8 Free Tools to Test Your Website’s Performance.

That’s it, you’ve finished creating your site, and it’s just as you wanted it in terms of design and content. But have you thought about testing your website’s performance?

Testing a site’s performance is an essential step in visualizing what’s taking too long to load, so that you can make the necessary corrections.

Indeed, a slow site means saying goodbye to the hope of good SEO and hello to a high bounce rate.

In this article, you’ll discover the importance of performance testing for websites, as well as 8 free tools to help you carry it out.

Why test your site’s performance?

To be well ranked by Google and other search engines

If you want to rank well with search engines like Google, quality content is not enough.

Your site also needs to perform well in terms of display speed, interactivity and visual stability.

In fact, Mister Google has made user experience an official ranking factor with its Core Web Vitals.

And Core Web Vitals means essential metrics, including:

Largest Contentful Paint (LCP ), which evaluates the loading time required for the page to display the main elements on the user’s screen.

But also, the First Input Delay (FID), which measures the time elapsed between the moment a visitor first interacts with your site by clicking on a button, link or other until the moment the browser responds to this request.

And finally, the Cumulative Layout Shift (CLS), which lists unexpected layout changes that can disrupt the visitor, such as content that suddenly shifts.

In short, to be considered high-performance in Google’s eyes, your site should have an LCP of less than 2.5 seconds, an FID of less than 100 MS and a CLS of less than 0.1.

To limit the bounce rate

The bounce rate is the percentage of visitors who come to your site and leave after visiting just one page.

It’s even said that the probability of a bounce increases by 32% as page load time increases from 1 second to 3 seconds, and even worse per additional second(s). (Source: Google/SOASTA Research, 2017)

GTmetrix performance test results
As far as the results are concerned, you get an overall alphabetical score. This represents a weighted average of the performance score (70%) and the structure score (30%).

You also get the results for the Web Vitals metrics: Largest Contentful Paint (LCP), Total Blocking Time (TBT – FID) and Cumulative Layout Shift (CLS).

GTmetrix then generates a summary with :

Visualization of page loading speed
The main problems identified
A graph with page details. (complete loading time, size and number of requests and breakdown by request)
Then click on the various tabs to obtain :

1 – Detailed performance indicators and browser timings for :

First Contentful Paint (FCP)
Largest Contentful Paint (LCP)
Speed Index (SI)
Total Blocking Time (TBT)
Time To Interactive (TTI)
Cumulative Layout Shift (CLS)
2 – The page structure with the various successful and unsuccessful audits and solutions to be implemented

3 – A waterfall graph with a request-by-request view of page loading

4 – Test history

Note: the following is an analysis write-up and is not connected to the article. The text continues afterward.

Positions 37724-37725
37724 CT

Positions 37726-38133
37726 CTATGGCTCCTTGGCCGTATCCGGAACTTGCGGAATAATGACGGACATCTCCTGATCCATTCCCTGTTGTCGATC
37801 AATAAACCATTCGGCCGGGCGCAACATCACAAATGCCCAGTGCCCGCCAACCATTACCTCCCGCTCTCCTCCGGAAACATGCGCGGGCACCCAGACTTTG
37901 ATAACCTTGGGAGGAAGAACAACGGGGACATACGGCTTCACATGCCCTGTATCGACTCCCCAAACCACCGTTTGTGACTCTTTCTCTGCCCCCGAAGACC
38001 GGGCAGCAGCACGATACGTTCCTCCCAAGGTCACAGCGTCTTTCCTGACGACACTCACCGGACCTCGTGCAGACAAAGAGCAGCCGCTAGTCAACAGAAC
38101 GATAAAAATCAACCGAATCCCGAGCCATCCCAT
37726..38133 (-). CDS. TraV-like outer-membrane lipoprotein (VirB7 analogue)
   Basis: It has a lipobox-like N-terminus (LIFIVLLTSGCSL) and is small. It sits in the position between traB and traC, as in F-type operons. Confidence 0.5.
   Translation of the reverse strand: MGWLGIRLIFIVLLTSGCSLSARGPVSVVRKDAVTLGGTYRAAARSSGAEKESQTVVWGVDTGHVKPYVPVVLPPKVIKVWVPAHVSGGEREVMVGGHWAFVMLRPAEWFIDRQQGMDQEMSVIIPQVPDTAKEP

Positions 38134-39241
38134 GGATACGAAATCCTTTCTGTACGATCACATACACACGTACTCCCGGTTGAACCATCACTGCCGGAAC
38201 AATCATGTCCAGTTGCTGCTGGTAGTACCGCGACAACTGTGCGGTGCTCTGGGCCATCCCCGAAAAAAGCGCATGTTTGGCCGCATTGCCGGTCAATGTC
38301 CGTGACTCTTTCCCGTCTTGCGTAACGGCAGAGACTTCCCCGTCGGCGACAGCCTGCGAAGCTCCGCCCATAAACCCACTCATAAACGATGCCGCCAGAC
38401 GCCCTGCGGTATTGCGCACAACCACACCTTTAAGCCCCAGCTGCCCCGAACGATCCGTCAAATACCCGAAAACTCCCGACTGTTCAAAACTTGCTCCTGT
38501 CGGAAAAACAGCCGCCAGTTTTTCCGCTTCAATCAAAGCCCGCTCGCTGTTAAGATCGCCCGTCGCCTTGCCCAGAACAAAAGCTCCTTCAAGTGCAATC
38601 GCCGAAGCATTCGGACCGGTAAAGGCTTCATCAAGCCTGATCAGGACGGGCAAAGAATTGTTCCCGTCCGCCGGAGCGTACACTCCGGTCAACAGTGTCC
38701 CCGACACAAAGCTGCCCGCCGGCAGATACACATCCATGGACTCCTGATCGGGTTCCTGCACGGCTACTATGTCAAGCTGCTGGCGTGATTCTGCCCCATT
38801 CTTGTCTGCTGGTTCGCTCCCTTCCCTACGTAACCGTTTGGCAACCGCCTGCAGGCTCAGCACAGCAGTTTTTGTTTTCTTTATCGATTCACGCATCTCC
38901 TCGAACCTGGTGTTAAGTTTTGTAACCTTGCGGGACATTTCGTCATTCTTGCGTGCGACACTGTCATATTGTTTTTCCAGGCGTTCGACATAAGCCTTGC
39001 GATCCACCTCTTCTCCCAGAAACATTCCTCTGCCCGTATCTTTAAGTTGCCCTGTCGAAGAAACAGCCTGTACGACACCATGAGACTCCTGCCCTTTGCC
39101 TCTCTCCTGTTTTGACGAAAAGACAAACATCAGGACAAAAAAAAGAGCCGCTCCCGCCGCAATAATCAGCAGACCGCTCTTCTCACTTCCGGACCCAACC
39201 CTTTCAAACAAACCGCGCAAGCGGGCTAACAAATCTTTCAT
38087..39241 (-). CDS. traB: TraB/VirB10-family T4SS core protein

You can also compare your URL with one or more others.

And you also have the option of sharing your report via Facebook, Twitter or a copy-and-paste link.

I strongly advise you to create a free account in order to :

  • Keep your report data for 3 months
  • Download a PDF version of GTmetrix reports
  • Choose a test location other than Vancouver
  • Modify connection speeds
  • Create a video of the page loading and download it as an MP4 file
  • Get video iframe code for integration
  • Block Ads
  • Perform 50 weekly on-demand tests
  • Get 10 daily API Credits (great if you’re a dev and want to test the GTmetrix API)
  • Monitor one page daily
  • Access system resource usage graphs

Performance test results with WebPageTest

Once the test is complete, the results will be divided into several tabs:

  • Summary
  • Details with a waterfall view
  • Web Vitals
  • Performance
  • Content
  • Domains
  • Processing
  • Screen capture
  • Image analysis (a tab opens and Cloud nary analyzes images)

After inserting the page URL, if your site has had enough traffic on mobile and desktop in the last 90 days, an Essential Web Signals evaluation is displayed. It includes the scores obtained over the previous 28 days and an indication of success or failure.

Next, you’ll see the scores you’ve achieved for performance, accessibility, best practices and SEO.

  • 0 to 49 (red): Bad
  • 50 to 89 (orange): Needs improvement
  • 90 to 100 (green): Good

To switch between mobile and computer scores, simply click on the mobile or computer buttons.

Test your site’s performance with the aim of improving it.

Testing your site’s performance is something you really shouldn’t neglect. Especially now that you have a range of free tools at your disposal.

Afterwards, don’t forget to follow up the suggestions for improvement provided and apply the appropriate corrective measures.

In many cases, installing an optimization and caching plugin and setting it up (correctly) won’t be enough. You’ll also need to optimize your images, fonts, JavaScript and CSS.

Then, of course, you’ll need to think about improving your site’s accessibility and, of course, its SEO.

What tools do you use?

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